In communities across the constituency and country last week, students ended their summer-long wait as GCSE results were finally announced. Across the UK as a whole, the figures show that the number of top grades has dipped slightly as exam boards largely return to pre-pandemic grading levels. Whilst, here in Wales, the Welsh Government has encouraged the approach of continuing to support students after the effects of the pandemic – much of this cohort’s schooling was disrupted by Covid too – and to gradually reintroduce the standard exam approach, in contrast to the UK Government which has moved back to full exams much quicker across the border.

This approach has meant that nearly 22% of Welsh students received an A* or A grade, compared with more than 25% last year, reflecting the change in exams, and nearly 65% received a C grade or above. I’d like to congratulate all students in Flintshire for their results and hard work – as I said in last week’s column, students might find the Welsh Government’s Working Wales website useful when thinking about the next steps – see

On the subject of further education post GCSEs,  last week the Welsh Government also announced increases to the cost-of-living support available for young people in education or training. Ministers have increased the Financial Contingency Fund (FCF) for vulnerable learners by 6.5% to help alleviate some of the issues with the cost-of-living crisis and the Education Maintenance Allowance (EMA) grant, designed to help further education students studying at sixth form or college in Wales with costs such as transport or meals, was increased from £30 a week to £40 earlier in the year. It’s also worth remembering that free school meals are available to those eligible in school sixth forms too and transport costs can also be covered, so whatever your young people are planning to study after GCSEs, there is help available.

There can be lots of costs involved when it comes to kitting out young people for their education, none more so than this time of year as a new school year dawns. The Welsh Government has a range of support available aimed at helping with school costs – to find out more about things like the School Essentials Grant go to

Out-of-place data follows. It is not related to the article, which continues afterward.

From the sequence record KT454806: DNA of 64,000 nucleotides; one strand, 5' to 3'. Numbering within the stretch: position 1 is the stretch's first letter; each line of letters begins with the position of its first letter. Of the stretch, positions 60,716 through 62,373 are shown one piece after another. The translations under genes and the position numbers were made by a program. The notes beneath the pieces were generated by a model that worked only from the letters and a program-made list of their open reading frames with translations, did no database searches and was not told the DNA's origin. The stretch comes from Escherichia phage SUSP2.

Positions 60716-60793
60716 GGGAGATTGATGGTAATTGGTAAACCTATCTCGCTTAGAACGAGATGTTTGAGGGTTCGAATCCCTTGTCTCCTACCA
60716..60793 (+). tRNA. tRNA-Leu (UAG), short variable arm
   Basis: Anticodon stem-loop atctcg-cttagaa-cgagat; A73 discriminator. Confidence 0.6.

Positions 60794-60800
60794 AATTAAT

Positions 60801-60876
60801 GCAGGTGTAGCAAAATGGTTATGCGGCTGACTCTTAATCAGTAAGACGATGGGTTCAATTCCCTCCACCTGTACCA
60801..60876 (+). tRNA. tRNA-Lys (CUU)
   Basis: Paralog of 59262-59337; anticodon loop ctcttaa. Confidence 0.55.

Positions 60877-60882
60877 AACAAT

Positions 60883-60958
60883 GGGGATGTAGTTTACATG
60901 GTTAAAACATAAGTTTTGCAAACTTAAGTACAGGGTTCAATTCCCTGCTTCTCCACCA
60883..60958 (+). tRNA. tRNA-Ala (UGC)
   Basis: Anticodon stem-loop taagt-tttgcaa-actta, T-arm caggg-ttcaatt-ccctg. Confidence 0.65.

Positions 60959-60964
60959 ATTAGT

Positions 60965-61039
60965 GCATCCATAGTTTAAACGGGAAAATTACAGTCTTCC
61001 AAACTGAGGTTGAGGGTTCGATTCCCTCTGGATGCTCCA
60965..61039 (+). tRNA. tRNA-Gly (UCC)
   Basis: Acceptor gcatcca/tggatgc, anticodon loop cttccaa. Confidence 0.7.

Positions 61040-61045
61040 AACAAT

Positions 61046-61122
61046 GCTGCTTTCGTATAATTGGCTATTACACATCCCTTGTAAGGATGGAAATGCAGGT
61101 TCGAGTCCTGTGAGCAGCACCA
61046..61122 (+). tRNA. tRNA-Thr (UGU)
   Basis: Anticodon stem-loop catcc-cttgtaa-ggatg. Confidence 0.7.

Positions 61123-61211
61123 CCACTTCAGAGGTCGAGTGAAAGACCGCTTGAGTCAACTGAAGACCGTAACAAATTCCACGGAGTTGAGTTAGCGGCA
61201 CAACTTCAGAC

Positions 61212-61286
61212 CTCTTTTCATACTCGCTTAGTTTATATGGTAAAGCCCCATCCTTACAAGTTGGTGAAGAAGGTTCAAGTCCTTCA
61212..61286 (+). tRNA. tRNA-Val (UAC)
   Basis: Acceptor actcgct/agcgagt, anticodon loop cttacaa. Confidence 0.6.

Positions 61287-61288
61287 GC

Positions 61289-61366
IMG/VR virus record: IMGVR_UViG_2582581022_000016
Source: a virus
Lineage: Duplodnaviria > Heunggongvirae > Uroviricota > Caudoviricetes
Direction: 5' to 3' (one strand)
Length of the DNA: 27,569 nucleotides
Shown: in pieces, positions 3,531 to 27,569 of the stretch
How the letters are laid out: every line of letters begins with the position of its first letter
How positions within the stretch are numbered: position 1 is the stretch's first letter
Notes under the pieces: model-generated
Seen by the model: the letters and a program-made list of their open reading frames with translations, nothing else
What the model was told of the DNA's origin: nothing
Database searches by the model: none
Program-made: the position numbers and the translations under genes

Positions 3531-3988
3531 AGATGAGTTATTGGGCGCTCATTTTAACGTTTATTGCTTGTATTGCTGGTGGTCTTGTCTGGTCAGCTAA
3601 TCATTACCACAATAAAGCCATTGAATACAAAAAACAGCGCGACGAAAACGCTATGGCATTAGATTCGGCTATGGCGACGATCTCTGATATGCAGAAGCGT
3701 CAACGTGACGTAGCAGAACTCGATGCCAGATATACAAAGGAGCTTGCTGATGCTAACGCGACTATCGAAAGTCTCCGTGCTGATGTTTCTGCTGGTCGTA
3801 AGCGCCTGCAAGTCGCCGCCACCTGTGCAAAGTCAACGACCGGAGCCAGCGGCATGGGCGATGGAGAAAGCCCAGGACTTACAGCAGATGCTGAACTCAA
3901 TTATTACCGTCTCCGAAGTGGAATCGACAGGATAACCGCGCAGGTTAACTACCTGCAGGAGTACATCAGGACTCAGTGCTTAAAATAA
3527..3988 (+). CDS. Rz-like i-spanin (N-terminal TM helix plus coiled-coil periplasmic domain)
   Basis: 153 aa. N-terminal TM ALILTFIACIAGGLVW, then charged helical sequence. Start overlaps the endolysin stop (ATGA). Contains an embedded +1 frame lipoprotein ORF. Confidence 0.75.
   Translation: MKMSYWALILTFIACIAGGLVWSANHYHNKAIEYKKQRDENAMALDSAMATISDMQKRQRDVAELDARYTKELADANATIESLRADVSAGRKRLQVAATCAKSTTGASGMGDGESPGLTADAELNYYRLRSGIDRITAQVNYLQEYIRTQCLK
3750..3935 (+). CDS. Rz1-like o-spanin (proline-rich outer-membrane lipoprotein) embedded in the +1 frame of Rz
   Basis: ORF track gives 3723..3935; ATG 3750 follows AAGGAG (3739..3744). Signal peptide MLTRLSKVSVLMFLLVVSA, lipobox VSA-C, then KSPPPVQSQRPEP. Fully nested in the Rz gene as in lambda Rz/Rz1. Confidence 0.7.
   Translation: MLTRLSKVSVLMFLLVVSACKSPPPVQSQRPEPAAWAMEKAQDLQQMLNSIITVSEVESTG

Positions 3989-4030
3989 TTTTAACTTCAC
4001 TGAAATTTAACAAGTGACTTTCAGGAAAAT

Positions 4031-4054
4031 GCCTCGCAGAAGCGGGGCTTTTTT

Closer to home, there are lots of wonderful individuals and organisations who are giving up time and resources to set up and assist with school uniform recycling initiatives. From the volunteer led Flintshire School Uniform Exchange on Facebook to a range of other Facebook pages and groups focused on specific communities such as Flint Pre-loved Uniform. This coming Saturday (2nd September) Cllr Teresa Carberry will be once again organising a Mold school uniform stall inside the Daniel Owen Centre from 10am until 2pm where all uniforms are free of charge. The current Mayor of Holywell, Linda Carter has also been behind something similar for communities in the Holywell area.

As always, if you would like advice and/or support, please don’t hesitate to get in touch on any of the following contact details – 52 High Street, Mold, Flintshire, on 01352 753464 or by email You can also keep up to date via my Facebook page – Constituents are, of course, welcome to contact my office to arrange an appointment to see me, you don’t need to wait until an advice surgery.


Link to Instagram Link to Twitter Link to YouTube Link to Facebook Link to LinkedIn Link to Snapchat Close Fax Website Location Phone Email Calendar Building Search